June 1st is the official start of the Atlantic Basin Hurricane Season which runs through November 30th. As you may know, the National Oceanic and Atmospheric Administration's (NOAA's) Office of Response and Restoration has been on the scene of the Deepwater Horizon Oil Spill from the start.
NOAA’s Climate Prediction Center (CPC) has just released the NOAA 2010 Atlantic Hurricane Season Outlook which calls for a 85% chance of an above normal hurricane season in the Atlantic region.
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- What will happen to a hurricane that runs through this oil slick?
- What will the hurricane do to the oil slick in the Gulf?
- Will the oil slick help or hurt a storm from developing in the Gulf?
- Will the hurricane pull up the oil that is below the surface of the Gulf?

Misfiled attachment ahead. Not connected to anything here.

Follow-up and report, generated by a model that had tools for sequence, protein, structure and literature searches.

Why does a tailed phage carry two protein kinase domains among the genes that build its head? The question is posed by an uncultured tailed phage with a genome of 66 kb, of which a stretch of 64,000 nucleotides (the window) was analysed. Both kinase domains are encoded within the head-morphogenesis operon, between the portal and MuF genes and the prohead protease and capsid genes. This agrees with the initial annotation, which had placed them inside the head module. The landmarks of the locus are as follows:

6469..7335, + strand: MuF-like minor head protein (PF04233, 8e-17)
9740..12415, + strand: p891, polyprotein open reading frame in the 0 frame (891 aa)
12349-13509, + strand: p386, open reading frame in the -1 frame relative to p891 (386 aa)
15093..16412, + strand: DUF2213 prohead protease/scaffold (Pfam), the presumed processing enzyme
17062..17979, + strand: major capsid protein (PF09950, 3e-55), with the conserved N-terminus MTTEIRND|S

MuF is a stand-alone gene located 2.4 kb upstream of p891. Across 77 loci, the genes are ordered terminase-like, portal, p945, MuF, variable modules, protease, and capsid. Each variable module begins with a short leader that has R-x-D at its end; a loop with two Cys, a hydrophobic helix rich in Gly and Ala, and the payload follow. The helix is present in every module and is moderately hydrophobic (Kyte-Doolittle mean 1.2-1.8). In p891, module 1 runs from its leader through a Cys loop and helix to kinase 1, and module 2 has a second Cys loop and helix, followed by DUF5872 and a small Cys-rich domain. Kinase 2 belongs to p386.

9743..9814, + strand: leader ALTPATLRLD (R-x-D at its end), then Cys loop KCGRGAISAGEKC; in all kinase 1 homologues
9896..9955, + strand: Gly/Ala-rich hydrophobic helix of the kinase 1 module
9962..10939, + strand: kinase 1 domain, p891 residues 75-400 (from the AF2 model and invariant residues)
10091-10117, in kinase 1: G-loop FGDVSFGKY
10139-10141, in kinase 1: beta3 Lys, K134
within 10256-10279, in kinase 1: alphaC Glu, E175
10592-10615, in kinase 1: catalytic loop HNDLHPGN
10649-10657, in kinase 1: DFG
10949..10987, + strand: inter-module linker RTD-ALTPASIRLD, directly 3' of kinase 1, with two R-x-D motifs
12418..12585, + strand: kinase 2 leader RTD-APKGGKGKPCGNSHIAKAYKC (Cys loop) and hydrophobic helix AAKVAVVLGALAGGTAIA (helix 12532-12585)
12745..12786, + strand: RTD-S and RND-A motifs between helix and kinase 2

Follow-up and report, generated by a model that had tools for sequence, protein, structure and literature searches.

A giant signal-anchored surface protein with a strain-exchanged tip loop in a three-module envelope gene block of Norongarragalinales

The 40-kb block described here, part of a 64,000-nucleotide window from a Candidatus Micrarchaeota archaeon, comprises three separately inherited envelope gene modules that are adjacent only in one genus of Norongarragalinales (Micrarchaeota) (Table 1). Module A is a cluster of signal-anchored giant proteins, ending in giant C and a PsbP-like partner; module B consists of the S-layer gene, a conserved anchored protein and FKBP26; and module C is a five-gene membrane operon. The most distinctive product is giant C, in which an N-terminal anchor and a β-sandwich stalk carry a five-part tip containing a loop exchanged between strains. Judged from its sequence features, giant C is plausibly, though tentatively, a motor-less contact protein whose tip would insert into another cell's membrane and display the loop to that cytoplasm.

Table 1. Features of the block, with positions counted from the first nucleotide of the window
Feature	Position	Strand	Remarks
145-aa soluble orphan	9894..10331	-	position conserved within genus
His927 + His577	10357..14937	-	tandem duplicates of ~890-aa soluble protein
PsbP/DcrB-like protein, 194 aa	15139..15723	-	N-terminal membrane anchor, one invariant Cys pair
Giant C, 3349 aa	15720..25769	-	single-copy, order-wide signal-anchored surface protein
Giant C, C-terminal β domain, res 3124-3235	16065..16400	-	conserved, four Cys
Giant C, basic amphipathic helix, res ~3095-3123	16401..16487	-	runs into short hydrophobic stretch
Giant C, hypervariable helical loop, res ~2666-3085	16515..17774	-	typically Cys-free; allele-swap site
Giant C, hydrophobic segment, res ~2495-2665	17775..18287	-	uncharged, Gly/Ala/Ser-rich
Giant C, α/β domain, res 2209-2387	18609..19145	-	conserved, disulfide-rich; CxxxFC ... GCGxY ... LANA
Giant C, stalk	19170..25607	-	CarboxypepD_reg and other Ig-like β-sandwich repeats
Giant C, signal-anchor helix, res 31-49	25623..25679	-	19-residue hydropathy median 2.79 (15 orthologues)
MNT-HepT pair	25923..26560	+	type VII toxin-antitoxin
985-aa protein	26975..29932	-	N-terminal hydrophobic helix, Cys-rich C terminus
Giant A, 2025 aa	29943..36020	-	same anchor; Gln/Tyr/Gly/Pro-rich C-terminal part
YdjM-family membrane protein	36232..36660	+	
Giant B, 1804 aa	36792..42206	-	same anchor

- Have we had experience in the past with hurricanes and oil spills?
- Will there be oil in the rain related to a hurricane?
Hurricanes and the Oil Spill: A Factsheet and Frequent Questions
In general, the oil slick isn't expected to have a significant impact on the hurricane. The track of the hurricane and other factors would determine the movement of oil from the slick and whether the biodegradation process might be accelerated by the hurricane.
Continual monitoring is needed since the details of the evolution of the storm, the track, the wind speed, the size, the forward motion and the intensity are all unknowns at this point and may alter this general statement.
We will continue to monitor both the oil spill and any developing tropical cyclone reporting details to help you be prepared for your cruise vacation during hurricane season.
Continue reading my series on hurricane preparedness as this week of preparation draws to a close.